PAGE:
Friday, June 15, 2012

Blog 13 Midsummer New Year of Johns Eve 2012

The Real Corner of the Room.

Disbelief in reality (in spite of disbelief in the existence of God) is the wonder of our times. In spite of the demonstration firings of intercontinental missiles by Russia only a week ago (see Voltaire Network, com ), the ‘all heal Glossover’ media smearing Vaseline and started churning out one obfuscation after another.

Beginning with French Foreign Minister Laurent Fabius, who confirmed that Syria was at the stage of a civil war, came the French call for mandatory observation of the UN Security Council’s mediator Kofi Annan's Syria peace plan. Also Jonathan Marcus observes that:

Of course, in reality there is minimal chance of Russia or China allowing such a resolution to pass. But the French move is a clear signal of the increasing gravity and concern with which the crisis in Syria is being seen.”

Note the disbelief embodied in the phrase: “…increasing gravity and concern”. In other words, reality is not to believed yet, but can take a few more hits of disbelief.

Strange as this may seem to some, the decline of international relations to a level approaching a “world war” level, is nothing new.  It is, indeed, the curse of the East.

Ever since the days when secular governments first corrupted and finally destroyed (with the ‘Russian Revolution’) the unique system of governance known as the “Byzantine Commonwealth”, it has been so. Almost unknown today, this system of government included a group of nations, which “took their cultural inheritance from Constantinople, but generally ruled themselves.”

This era of the “Byzantine Commonwealth” began with the conversion of St. Vladimir in Kiev to “Christianity’ . Indeed, it happened even before Vladimir took power. To quote from the Wikipedia link:
Though Christianity had won many converts since Olga's rule, Vladimir had remained a thoroughgoing pagan, taking eight hundred concubines (besides numerous wives) and erecting pagan statues and shrines to gods. He may have attempted to reform Slavic paganism by establishing the thunder-god, Perun, as a supreme deity. "Although Christianity in the Kiev existed before Vladimir’s time, he had remained a pagan, accumulated about seven wives, established temples, and, it is said, taken part in idolatrous rites involving human sacrifice."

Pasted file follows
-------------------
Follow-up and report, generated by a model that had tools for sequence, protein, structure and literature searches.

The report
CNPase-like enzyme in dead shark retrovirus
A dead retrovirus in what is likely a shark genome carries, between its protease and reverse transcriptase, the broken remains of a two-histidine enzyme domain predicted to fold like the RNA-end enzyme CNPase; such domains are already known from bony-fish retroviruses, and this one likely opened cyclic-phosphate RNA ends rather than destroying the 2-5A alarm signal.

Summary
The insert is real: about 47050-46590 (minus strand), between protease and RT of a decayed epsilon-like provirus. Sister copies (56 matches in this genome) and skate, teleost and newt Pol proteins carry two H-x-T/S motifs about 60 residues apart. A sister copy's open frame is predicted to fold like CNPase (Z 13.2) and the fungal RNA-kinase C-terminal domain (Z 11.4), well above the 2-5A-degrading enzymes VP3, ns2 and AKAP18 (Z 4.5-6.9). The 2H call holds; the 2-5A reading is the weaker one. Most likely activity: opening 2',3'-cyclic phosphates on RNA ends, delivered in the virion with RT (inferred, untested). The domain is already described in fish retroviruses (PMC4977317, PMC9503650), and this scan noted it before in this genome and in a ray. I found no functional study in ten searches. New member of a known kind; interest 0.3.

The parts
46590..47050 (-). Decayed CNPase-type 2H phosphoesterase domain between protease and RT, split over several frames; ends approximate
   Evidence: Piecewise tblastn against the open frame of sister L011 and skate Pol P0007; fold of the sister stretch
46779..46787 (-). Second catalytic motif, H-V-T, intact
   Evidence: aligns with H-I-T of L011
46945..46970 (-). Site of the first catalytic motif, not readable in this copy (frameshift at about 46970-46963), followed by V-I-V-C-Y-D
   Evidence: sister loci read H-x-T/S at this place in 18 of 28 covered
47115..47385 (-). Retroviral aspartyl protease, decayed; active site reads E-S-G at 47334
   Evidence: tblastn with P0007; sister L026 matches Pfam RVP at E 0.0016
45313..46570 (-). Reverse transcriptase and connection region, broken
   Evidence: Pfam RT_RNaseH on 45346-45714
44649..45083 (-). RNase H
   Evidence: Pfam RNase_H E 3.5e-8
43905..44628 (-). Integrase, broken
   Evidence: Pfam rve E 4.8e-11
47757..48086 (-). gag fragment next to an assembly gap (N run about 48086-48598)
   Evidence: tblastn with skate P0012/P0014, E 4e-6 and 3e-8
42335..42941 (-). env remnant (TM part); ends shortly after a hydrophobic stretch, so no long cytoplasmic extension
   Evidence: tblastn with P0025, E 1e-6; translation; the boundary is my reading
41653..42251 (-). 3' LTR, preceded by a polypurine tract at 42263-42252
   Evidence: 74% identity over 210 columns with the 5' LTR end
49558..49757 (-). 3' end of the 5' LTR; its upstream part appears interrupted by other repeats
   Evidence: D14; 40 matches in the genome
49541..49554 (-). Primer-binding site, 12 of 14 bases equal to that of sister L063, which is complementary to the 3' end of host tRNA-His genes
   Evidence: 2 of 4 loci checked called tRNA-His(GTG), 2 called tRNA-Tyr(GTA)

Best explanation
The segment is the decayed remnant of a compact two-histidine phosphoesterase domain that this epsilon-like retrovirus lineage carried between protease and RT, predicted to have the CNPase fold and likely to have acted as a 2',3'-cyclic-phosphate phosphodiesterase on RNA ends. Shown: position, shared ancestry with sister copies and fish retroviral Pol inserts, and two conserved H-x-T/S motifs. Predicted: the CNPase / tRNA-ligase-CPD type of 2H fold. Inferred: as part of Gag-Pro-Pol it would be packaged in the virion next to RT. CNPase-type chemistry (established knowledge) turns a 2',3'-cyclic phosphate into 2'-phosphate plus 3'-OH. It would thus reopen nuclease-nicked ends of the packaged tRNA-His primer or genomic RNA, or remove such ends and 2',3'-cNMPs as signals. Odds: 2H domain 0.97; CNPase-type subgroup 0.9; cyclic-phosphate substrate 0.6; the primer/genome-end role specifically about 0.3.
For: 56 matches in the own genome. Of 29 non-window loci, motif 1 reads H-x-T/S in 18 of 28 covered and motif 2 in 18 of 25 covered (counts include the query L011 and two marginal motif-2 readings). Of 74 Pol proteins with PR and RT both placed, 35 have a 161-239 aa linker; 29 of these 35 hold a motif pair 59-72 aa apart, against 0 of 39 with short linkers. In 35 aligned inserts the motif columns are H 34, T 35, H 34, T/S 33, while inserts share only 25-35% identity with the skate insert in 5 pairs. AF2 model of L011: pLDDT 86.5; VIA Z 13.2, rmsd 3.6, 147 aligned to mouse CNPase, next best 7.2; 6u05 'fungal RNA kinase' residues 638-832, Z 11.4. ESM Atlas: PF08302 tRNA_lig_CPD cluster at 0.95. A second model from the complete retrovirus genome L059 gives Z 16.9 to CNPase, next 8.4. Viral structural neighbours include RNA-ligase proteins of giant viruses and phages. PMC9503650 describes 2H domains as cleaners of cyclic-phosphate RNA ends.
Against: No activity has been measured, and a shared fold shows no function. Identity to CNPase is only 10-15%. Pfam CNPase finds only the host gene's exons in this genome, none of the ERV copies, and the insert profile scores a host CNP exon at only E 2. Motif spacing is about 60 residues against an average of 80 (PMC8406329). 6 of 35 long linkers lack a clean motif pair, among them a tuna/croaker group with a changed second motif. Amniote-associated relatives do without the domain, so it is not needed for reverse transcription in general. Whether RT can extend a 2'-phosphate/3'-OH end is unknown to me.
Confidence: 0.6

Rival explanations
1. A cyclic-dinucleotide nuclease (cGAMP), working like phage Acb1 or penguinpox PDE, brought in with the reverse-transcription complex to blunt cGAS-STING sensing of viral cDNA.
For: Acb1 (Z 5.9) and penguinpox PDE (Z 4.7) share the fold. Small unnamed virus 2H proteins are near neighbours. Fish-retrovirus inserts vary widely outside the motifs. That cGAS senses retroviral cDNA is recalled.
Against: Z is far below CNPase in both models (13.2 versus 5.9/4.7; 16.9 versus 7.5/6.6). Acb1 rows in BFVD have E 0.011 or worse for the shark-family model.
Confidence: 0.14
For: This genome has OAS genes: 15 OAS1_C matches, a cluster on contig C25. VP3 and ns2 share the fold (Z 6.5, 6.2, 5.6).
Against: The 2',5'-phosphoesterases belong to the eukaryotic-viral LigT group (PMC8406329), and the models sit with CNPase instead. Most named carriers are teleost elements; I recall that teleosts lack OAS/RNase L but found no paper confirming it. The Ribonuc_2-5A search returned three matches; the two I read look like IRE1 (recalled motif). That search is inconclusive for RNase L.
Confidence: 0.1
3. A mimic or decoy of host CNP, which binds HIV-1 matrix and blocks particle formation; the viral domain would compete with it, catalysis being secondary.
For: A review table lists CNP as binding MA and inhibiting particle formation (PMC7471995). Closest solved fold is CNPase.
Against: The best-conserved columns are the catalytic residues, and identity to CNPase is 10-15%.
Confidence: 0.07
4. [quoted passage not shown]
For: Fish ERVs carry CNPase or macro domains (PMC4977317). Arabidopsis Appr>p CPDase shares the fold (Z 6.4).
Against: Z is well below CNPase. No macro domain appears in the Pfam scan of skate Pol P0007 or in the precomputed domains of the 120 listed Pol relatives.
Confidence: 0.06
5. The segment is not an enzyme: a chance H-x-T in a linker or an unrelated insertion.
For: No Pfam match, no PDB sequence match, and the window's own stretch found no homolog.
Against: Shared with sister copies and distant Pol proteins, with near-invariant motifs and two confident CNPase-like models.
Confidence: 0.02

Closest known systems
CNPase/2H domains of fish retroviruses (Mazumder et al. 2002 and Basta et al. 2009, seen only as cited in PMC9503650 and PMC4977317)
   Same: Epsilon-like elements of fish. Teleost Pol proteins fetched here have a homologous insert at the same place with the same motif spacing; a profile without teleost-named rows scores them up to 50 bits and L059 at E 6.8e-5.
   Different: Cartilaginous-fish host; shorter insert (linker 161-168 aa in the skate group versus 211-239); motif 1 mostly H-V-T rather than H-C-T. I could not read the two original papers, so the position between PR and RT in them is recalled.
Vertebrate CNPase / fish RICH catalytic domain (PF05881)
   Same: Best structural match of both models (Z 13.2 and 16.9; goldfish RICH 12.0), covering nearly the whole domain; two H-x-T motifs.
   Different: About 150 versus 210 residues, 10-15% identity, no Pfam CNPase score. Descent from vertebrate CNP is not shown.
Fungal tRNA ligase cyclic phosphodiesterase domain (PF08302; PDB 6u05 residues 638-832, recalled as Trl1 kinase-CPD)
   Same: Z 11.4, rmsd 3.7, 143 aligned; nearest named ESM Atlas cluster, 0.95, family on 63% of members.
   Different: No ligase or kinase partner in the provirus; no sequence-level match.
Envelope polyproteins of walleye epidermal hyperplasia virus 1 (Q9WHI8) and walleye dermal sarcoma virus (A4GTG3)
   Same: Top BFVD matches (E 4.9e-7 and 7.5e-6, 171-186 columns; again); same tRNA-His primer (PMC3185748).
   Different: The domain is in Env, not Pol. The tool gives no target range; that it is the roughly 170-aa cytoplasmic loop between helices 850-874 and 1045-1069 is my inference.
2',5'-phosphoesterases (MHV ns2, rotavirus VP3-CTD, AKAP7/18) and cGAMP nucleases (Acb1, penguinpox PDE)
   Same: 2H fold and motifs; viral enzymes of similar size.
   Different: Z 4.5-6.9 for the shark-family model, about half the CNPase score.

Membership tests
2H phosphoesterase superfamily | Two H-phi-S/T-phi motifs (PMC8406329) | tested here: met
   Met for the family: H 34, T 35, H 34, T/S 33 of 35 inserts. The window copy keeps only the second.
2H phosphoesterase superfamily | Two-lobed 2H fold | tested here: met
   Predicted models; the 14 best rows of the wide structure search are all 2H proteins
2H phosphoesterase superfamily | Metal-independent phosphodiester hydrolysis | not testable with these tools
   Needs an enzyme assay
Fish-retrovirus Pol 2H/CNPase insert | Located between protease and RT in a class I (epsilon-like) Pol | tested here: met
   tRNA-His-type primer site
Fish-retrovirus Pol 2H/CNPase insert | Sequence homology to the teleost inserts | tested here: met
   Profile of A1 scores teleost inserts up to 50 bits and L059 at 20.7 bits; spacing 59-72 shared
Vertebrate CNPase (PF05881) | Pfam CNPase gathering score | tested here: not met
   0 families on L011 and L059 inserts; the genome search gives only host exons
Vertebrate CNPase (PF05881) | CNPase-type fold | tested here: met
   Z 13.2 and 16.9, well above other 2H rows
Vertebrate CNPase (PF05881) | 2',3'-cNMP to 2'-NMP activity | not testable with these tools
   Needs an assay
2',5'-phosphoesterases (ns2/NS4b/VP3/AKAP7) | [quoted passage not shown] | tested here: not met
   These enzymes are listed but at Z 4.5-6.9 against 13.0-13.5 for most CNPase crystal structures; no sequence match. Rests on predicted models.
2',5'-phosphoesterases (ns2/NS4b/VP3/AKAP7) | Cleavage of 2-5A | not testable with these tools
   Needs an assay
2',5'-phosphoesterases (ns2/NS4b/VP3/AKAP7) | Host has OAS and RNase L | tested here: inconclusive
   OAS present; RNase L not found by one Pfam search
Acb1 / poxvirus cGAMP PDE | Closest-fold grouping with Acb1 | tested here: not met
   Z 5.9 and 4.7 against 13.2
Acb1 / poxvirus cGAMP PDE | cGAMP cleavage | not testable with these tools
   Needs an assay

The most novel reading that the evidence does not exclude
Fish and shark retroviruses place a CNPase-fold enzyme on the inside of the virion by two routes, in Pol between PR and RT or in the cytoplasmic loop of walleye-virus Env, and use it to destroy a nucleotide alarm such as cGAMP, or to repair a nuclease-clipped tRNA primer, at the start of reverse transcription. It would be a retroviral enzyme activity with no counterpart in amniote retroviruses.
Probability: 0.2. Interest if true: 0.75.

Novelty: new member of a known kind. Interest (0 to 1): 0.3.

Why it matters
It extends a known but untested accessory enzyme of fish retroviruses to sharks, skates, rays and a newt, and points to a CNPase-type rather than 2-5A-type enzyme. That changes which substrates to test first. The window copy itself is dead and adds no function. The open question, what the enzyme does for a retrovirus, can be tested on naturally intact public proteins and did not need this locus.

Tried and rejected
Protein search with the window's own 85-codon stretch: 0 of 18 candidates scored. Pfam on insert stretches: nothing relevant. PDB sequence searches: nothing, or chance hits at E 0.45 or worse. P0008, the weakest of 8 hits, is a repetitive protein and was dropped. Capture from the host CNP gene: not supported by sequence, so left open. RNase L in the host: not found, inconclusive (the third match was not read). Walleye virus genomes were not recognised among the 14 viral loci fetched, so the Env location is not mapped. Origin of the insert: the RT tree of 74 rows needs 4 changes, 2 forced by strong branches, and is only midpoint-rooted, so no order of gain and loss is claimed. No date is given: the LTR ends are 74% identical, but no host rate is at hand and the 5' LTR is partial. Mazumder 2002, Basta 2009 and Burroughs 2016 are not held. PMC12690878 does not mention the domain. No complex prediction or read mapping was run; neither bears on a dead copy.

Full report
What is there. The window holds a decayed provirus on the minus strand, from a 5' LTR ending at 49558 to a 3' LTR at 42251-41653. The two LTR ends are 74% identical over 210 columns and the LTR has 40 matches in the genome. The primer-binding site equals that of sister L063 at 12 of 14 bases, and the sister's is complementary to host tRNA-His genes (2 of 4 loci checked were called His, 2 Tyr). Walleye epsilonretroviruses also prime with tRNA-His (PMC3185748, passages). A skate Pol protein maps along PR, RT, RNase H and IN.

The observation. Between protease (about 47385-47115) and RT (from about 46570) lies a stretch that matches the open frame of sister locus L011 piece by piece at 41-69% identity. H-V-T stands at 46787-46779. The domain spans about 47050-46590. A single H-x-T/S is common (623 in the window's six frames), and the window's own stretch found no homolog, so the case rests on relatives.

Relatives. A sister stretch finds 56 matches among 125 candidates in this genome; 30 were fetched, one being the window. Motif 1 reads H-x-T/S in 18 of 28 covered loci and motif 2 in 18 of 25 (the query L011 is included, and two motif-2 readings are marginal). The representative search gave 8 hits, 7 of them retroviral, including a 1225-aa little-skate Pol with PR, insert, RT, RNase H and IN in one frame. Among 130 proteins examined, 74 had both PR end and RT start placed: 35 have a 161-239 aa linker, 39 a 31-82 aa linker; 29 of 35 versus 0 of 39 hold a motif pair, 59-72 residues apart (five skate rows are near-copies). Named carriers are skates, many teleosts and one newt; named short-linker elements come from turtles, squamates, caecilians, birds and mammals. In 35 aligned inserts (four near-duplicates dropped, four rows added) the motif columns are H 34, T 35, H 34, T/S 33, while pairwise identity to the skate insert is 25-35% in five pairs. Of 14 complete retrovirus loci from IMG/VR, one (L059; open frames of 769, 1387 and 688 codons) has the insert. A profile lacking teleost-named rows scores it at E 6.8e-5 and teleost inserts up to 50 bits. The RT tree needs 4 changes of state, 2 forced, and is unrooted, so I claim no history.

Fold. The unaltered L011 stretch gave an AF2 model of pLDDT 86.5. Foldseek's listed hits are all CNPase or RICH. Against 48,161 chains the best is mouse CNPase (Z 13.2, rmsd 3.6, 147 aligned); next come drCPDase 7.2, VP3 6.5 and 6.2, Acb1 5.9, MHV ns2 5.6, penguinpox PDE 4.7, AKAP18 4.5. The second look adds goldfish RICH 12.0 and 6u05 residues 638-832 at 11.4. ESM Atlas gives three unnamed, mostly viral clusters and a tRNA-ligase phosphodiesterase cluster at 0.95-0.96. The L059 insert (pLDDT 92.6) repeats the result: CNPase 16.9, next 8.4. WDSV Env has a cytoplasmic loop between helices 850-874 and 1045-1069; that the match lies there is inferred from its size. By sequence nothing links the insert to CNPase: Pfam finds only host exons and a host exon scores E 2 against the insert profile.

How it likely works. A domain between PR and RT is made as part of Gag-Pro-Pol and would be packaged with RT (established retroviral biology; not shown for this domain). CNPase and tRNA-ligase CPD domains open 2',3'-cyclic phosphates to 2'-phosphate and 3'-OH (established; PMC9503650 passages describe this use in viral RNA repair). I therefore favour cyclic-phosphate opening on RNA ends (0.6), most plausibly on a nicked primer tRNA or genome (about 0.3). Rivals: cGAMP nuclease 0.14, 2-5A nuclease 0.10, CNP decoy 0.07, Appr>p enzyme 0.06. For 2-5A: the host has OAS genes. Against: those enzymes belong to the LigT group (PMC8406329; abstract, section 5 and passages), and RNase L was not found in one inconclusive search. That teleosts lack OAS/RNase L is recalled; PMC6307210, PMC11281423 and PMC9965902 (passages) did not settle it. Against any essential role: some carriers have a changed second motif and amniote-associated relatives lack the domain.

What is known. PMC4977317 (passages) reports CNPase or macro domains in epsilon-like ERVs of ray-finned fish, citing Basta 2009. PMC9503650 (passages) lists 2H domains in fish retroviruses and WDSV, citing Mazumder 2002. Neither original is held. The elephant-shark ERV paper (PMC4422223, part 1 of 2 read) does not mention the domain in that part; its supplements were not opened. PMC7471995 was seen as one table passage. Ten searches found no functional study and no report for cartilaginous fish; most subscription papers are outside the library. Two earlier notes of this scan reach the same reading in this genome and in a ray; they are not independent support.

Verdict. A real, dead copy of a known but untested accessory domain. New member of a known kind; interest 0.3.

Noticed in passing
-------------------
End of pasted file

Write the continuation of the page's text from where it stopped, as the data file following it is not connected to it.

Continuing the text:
If “idolatrous rites involving human sacrifice” is an accurate statement, then we have here one of the first confirmations or Robdert Grave’s contentions that human sacrifice in ancient England and Europe was common. No doubt, it was true also for what was then proto-Latvia just entering onto the arena of historical times through Livonia.
The link goes on to inform: “In 983, after another of his military successes, Prince Vladimir and his army thought it necessary to sacrifice human lives to the gods. A lot was cast and it fell on a youth, Ioann by name, the son of a Christian, Fyodor. His father stood firmly against his son being sacrificed to the idols. More than that, he tried to show the pagans the futility of their faith: ‘Your gods are just plain wood: “never will I give my son to the devils!’" cried Fyodor.

It gets yet even more interesting: “An open abuse of the deities, to which most people in Rus' bowed in reverence in those times, triggered widespread indignation. A mob killed the Christian Fyodor and his son Ioann (later, after the overall christening of Kievan Rus, people came to regard these two as the first Christian martyrs in Rus and the Orthodox Church set a day to commemorate them, July 25[I am happy to say, this is a day before my birthday).

To repeat: “…deities, to which most people in Rus' bowed in reverence in those times.” Among such deities were Ivan, Jahnis, and evidently one “Ioann”, son of a Christian.

This is where the word “Christian” and the issue of its legitimacy becomes really interesting. The question necessarily arises why Ioann, son of a Christian, was not a Christian himself? And, yet again, was there not, at that time, another Christianity competing with the one of which Vladimir is presumed not to be one. I mean, what with eight hundred comcubines, plus many wifes—what Christian would dare himself such “too sexy for my love”  to be ruler of Rus?

I will leave some of this ‘interesting’ material for the next blog.

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